|This article needs additional citations for verification. (December 2010)|
He was the son of Irish Quaker immigrants who had come to America about five years prior to his birth. His father was engaged in the shipping business until 1766 when he went into hardware, but died later the same year. A few years later, the family removed to Bucks County, Pennsylvania. When thirteen years old, Eddy was apprenticed to learn the tanning business in Burlington, New Jersey but remained there only two years.
In September 1779, Eddy removed to New York City, and became a merchant, dealing mostly in imported goods which were shipped from England and Ireland by his brother Charles. In 1781, he earned a large amount by the remittance of money from the British headquarters in New York to the troops under General Cornwallis who were held prisoners at Lancaster, Pennsylvania, after the fall of Yorktown.
In 1782, Eddy married Hannah Hartshorne at New York City. Afterward, he returned to Philadelphia and formed a partnership with his brother George. In the wake of the commercial crisis in the middle of the 1780s, he and his brothers George and Charles went bankrupt. He removed to New York City again, and became the first insurance broker there, and later an underwriter, speculating in public funds. He became thus a director of the Mutual Insurance Company, and the Western Inland Lock Navigation Company. In 1803, he was one of the founders of the New York Savings Bank.
Eddy had been engaged in charitable work, was elected a governor of the New York Hospital in 1793, and became interested in the reform of the penal laws. He lobbied for inmate labor and solitary confinement in place of other forms of punishment such as hanging.. In 1796, Eddy helped State Senators Philip Schuyler and Ambrose Spencer to draft a bill which established the penitentiary system. The bill was passed and Eddy was appointed to the Commission which put it in practice. He was chosen to oversee the construction of the first State Prison, located in Greenwich Village, better known as the old "Newgate" Prison, and became its first Director, from 1797 to 1801. He also urged the State Legislature to build facilities for the mentally ill.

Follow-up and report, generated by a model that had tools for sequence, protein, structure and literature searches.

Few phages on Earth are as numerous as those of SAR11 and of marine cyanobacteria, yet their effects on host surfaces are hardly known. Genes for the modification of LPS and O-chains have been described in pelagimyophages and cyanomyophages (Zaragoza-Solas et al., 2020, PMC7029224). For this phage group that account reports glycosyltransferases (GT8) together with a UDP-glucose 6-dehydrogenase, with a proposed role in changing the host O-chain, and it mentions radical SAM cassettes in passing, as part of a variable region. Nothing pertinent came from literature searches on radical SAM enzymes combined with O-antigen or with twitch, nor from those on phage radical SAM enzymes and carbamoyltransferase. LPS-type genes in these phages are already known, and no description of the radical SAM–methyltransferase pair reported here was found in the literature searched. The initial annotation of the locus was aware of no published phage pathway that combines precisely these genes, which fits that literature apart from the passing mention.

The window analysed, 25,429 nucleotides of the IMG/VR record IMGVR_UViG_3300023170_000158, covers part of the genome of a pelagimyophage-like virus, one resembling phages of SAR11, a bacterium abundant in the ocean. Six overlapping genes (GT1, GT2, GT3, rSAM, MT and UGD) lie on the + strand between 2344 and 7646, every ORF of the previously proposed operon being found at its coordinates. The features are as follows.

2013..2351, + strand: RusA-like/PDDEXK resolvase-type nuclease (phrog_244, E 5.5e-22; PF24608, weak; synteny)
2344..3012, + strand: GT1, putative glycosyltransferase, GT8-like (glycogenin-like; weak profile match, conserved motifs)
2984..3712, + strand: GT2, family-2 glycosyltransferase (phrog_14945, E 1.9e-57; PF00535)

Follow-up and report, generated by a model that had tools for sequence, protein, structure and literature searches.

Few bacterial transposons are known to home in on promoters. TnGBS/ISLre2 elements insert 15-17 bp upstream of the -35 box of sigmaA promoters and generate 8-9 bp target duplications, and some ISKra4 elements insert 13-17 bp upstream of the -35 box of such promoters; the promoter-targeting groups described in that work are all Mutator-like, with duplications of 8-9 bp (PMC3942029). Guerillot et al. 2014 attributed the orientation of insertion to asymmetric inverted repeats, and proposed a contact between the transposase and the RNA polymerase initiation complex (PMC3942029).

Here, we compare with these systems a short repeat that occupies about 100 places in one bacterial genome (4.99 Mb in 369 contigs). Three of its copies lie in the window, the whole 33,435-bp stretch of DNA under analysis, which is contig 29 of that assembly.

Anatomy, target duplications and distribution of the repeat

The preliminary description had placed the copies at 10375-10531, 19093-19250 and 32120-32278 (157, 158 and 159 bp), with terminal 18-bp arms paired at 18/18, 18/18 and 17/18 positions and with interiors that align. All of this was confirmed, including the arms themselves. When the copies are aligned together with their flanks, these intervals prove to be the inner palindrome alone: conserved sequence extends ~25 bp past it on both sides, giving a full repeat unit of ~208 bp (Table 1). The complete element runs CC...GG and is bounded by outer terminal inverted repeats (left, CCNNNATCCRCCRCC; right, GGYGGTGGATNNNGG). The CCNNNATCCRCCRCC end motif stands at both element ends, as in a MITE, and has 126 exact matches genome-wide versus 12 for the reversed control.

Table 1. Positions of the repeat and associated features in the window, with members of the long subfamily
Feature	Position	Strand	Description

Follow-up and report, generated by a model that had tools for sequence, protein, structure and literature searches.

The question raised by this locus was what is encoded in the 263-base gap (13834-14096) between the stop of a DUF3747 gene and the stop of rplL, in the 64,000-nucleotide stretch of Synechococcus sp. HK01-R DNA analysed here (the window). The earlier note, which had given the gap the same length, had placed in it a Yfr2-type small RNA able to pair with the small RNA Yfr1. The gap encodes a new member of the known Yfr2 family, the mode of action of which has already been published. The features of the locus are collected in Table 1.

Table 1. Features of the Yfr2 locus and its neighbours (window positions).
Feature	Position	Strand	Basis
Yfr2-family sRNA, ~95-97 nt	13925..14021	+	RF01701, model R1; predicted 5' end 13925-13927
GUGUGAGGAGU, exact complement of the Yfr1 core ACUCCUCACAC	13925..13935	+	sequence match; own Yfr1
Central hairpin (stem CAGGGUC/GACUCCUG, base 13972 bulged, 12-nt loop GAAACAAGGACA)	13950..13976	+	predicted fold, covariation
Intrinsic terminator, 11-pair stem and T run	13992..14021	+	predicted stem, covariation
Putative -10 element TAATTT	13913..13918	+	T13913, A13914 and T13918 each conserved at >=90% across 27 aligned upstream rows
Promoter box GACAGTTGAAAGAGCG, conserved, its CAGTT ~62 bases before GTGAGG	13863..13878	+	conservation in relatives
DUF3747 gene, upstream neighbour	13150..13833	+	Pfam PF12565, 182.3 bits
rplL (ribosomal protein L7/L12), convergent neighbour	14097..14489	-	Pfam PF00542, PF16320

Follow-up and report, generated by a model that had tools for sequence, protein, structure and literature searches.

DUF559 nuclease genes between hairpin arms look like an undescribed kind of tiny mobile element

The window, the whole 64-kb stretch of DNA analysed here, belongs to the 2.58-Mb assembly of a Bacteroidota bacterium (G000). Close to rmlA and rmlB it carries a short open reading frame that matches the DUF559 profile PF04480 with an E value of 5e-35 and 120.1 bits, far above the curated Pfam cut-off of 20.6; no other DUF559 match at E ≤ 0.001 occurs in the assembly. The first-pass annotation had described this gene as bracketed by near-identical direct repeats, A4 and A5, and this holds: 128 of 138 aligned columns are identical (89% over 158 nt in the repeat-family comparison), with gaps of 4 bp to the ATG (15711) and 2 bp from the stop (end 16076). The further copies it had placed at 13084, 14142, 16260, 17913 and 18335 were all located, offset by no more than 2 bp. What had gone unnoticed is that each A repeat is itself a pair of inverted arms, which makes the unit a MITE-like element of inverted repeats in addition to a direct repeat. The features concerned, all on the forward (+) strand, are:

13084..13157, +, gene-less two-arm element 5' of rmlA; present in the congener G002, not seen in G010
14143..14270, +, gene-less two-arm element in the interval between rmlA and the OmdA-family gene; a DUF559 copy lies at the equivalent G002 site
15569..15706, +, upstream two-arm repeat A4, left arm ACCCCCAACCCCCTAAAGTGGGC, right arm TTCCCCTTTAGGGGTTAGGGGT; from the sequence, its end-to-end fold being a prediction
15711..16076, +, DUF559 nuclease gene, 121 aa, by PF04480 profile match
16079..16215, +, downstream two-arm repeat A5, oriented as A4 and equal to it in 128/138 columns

In 1797, Eddy was appointed Treasurer of the Western Inland Lock Navigation Company, which had been established in 1792 with the purpose of developing a navigable route up the Mohawk River to Lake Ontario. When he found his company in financial trouble, he drew upon the idea first proposed by Joshua Forman (member of the New York State Assembly from Onondaga County in 1808) of building a canal, rather than trying to navigate the rivers. He turned to his friend Jonas Platt, then a State Senator and leader of the Federalists in New York, and the two of them decided to propose the creation of a Commission to explore two possible routes of a canal – either to Lake Ontario or to Lake Erie. They would report their findings to the New York State Legislature after their expedition to the west. On March 13, 1810, Platt presented his project for a bipartisan Canal Commission to the State Legislature, and received overwhelming support, and Eddy was appointed one of the Commissioners. The Erie Canal was eventually opened in 1825.
- The Philanthropy Hall of Fame, Thomas Eddy
- Bio in Lives of American Merchants by Freeman Hunt (Derby & Jackson, New York, 1858; pages 329ff)
-  "Newgate" Prison, at Correctional History
- The New York Civil List compiled by Franklin Benjamin Hough (page 40; Weed, Parsons and Co., 1858)